091114 js 0037SPRINGFIELD— Last month’s police shooting death of teenager Michael Brown in Ferguson, Mo., sparked national debate over police procedures and practices. In Illinois, Brown’s death has renewed an effort to expand the use of vehicle-mounted and officer-worn cameras.

Senator Bill Haine (D-Alton) and Representative Jehan Gordon Booth (D-Peoria) announced, during a press conference Thursday, their commitment to pass a plan this fall that will increase funding for police departments to buy more cameras.

“Every day, the courageous men and women of Illinois law enforcement put their lives on the line to protect us. Cameras like these help prosecute crimes, protect civil liberties and – ultimately – help save officers’ lives,” Haine said.

The plan, House Bill 3911, brings more money to an existing grant program enabling local police departments to purchase cameras. It also secures additional funds for the Illinois Law Enforcement Training and Standards Boards.

“I hope that the tragic recent events in Ferguson, which has brought the value of officer and vehicle-mounted cameras to national attention, may serve as a catalyst to enact legislation that protects our brave police officers as much as it does the general public,” Gordon-Booth said.

“The use of cameras serves as a layer of transparency to document disputed encounters between law enforcement and citizens,” NAACP Illinois State Conference President George Mitchell said.

The proposal increases an existing court fee by $6 to fund the camera grant program and increase funding for ILETSB. The $6 fee is estimated to bring in between $4 million and $6 million per year.

“We live in a visual society. These types of videos will be invaluable,” Illinois State’s Attorneys Association President Brian Towne said.

Lawmakers return to Springfield in November for the annual fall session. Gordon-Booth and Haine plan to call HB 3911 then.

Category: News Releases

ADA LogoRCHICAGO – State officials trying to protect disabled people from abuse now have added legal protection themselves thanks to a new law signed Monday by the governor.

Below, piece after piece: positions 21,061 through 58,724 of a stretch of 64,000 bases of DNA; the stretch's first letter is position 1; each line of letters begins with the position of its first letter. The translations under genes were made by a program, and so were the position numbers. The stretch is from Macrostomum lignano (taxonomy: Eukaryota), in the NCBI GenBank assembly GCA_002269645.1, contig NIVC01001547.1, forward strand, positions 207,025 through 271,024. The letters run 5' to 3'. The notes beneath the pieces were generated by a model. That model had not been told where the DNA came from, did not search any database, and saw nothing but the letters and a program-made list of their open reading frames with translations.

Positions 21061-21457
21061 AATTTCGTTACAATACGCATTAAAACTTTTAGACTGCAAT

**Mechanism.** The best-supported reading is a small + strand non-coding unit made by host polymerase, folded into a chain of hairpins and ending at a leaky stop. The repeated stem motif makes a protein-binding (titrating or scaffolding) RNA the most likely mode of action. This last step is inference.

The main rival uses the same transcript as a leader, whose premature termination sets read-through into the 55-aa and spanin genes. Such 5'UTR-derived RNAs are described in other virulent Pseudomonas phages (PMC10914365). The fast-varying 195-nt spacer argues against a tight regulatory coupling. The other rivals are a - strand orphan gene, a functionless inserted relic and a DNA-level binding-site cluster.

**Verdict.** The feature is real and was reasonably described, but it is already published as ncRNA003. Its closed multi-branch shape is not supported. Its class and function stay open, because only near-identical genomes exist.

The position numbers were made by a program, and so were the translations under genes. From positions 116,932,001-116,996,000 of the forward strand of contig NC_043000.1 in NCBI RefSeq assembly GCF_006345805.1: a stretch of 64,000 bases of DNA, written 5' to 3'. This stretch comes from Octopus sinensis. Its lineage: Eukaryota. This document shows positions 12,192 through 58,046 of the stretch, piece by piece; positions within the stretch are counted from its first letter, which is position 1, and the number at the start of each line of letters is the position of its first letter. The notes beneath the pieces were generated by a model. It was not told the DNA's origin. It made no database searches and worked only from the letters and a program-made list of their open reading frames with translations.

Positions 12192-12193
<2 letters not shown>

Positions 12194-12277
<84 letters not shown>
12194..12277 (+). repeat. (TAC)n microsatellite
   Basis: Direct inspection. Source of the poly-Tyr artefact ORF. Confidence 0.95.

The law – sponsored by State Senator Bill Haine (D-Alton) – protects the Illinois Department on Aging from being sued for enforcing the Adult Protective Services Act, which was approved last year.

“Last year we passed sweeping protections for this at-risk population. This is a continuing effort to fine tune a new program and ensure the best protections,” Haine said.

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Category: News Releases

052714CM0393SPRINGFIELD – State Senator Bill Haine (D-Alton) introduced a resolution Wednesday urging the U.S. Department of Commerce and President Obama to investigate unfair South Korean trade practices.

There have been recent reports of low-quality, Korean-made steel being dumped into the U.S. market. These goods are being brought into the U.S. through deceptive trade practices and are being sold far below the fair market price.

“This cheap, low-quality steel is hurting the American economy and the federal government shouldn’t sit by while this happens. The Granite City steel works employs skilled workers who could face losing their jobs it their first-rate product continues to be undercut by shoddy foreign steel,” Haine said.

Senate Resolution 1243 urges the Department of Commerce to investigate South Korean companies' trade practices and protect the value of American-made steel.

When it is adopted by the Senate a copy of the resolution will be sent to President Obama.

Category: News Releases

040114 js 1535SPRINGFIELD – Video cameras and motion sensors could be added to a list of illegal booby traps under a proposed law approved by the Illinois Senate on Tuesday.

Senator Bill Haine (D-Alton) sponsored plan, House Bill 4269, in the Senate to update the existing law that targets drug dealers who fortify buildings against law enforcement.

“If drug dealers have cameras or motion sensors to let them know when the police are coming, it gives them a chance to escape or destroy evidence,” Haine said.

It is currently illegal to booby trap a building in order to obstruct police. The list of criminal fortifications includes alarm systems, cross bars, steel doors, and the use of dogs.

Representative Jerry Costello (D-Smithton) introduced the plan in the House.

“Law Enforcement officers already take great risk entering a location of suspected criminal activity, and any attempt to harm or impede them in the course of their duties should be aggressively punished,” Costello said.

The Senate approved HB 4269 by a 57-0 vote. It was approved by the House in April and now goes to the governor for approval.

Category: News Releases

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